An Elder’s Vision for Our Sustainable Future
David Suzuki is one of the world’s most recognizable and influential environmentalists. In a long and distinguished public career, he has, perhaps more than almost anyone else, raised public consciousness about environmental issues and inspired massive efforts to preserve and protect our natural world.
David Suzuki has made it his life’s work to help humanity understand, appreciate, respect and protect nature. A gifted interpreter of science and nature, Suzuki provides audiences with a compelling look at the state of our environment, underscoring both the successes we have achieved in the battle for environmental sustainability, and the strides we still have to make if Earth will remain a welcoming home for all nature’s creatures. Both inspiring and realistic, he offers leading-edge insights into sustainable development and model for a world in which humanity can live well and still protect our environment.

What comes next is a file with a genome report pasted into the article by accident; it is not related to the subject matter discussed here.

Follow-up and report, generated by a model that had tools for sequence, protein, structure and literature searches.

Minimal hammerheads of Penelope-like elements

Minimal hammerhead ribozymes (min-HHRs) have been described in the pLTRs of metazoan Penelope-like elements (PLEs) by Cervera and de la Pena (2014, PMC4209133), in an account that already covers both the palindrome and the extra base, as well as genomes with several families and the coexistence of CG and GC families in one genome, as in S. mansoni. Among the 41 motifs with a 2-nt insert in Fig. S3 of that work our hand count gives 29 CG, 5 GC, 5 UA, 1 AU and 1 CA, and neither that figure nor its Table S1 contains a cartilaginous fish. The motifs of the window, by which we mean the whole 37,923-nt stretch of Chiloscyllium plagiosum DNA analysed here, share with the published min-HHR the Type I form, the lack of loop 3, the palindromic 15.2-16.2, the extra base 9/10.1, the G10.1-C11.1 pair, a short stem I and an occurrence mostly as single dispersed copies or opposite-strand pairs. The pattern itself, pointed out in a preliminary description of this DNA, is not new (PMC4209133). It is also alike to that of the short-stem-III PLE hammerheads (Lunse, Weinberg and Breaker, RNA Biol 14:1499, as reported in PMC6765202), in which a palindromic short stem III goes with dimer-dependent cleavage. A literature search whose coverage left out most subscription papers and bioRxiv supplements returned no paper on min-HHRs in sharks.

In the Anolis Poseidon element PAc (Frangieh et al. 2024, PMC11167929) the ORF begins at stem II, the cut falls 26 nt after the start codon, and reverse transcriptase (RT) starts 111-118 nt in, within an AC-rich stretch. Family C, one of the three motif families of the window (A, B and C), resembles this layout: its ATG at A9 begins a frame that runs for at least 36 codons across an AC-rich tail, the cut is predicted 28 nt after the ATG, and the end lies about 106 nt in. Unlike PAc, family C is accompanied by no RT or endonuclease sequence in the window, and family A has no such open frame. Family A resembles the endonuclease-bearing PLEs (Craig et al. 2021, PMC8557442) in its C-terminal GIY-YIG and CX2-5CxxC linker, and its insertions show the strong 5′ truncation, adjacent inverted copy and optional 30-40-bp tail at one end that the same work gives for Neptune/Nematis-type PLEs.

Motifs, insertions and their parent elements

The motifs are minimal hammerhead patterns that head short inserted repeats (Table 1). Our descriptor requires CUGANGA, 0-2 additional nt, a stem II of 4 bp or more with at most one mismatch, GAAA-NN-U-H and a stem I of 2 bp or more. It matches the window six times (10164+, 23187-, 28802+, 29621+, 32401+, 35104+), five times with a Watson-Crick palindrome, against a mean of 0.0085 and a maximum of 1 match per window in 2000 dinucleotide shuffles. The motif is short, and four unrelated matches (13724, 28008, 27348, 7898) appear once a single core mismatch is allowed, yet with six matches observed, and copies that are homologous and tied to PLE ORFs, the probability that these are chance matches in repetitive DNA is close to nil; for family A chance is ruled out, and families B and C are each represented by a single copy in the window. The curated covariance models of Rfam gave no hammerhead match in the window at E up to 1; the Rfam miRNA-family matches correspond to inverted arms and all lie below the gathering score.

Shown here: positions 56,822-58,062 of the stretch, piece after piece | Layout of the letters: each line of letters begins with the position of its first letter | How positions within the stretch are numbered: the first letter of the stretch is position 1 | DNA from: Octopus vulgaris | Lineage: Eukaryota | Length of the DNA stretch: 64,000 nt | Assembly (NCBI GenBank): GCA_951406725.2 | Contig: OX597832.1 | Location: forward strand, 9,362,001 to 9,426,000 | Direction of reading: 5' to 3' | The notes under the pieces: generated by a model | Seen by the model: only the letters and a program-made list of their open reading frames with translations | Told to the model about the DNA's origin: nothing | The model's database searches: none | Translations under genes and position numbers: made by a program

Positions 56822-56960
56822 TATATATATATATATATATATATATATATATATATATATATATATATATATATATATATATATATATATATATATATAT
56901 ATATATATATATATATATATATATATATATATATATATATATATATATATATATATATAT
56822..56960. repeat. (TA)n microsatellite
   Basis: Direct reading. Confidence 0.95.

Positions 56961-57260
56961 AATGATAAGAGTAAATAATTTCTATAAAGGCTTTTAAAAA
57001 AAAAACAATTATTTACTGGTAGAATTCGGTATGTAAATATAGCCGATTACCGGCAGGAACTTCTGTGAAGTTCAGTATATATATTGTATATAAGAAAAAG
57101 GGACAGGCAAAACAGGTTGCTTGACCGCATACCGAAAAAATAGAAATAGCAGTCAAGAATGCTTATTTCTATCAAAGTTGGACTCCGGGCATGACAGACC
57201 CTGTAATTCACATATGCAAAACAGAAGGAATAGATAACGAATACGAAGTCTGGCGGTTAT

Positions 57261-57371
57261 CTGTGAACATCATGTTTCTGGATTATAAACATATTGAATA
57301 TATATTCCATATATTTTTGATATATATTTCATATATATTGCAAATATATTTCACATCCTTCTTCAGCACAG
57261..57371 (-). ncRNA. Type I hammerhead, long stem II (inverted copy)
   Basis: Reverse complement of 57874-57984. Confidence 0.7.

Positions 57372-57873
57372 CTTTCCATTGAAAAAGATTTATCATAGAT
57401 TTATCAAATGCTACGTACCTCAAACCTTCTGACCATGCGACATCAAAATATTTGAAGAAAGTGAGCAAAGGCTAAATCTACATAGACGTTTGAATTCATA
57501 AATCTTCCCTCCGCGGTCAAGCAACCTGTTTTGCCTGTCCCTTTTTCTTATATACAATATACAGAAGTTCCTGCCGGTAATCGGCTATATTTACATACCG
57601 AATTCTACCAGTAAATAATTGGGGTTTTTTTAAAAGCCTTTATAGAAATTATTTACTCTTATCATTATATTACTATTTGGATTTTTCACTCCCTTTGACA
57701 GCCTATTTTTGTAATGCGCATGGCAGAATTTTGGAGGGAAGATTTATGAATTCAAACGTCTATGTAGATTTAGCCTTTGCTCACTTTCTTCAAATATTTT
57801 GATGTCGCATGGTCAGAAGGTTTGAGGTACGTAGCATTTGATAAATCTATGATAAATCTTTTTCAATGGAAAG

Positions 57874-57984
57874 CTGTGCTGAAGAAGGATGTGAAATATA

Suzuki is a scientist, broadcaster, author, and co-founder of the David Suzuki Foundation. He is Companion to the Order of Canada and a recipient of UNESCO’s Kalinga Prize for science, the United Nations Environment Program medal, the 2012 Inamori Ethics Prize, the 2009 Right Livelihood Award, and UNEP’s Global 500; and was named one of Canada’s Greatest Explorers by Canadian Geographic. Suzuki is Professor Emeritus at the University of British Columbia in Vancouver and holds 28 honorary degrees from universities around the world. He is familiar to television audiences as host of the CBC science and natural history television series The Nature of Things, and to radio audiences as the original host of CBC Radio’s Quirks and Quarks, as well as the acclaimed series It’s a Matter of Survival and From Naked Ape to Superspecies. In 1990 he co-founded with Dr. Tara Cullis, The David Suzuki Foundation to “collaborate with Canadians from all walks of life including government and business, to conserve our environment and find solutions that will create a sustainable Canada through science-based research, education and policy work.” His written work includes more than 56 books, 19 of them for children. Suzuki lives with his wife and family in Vancouver, B.C.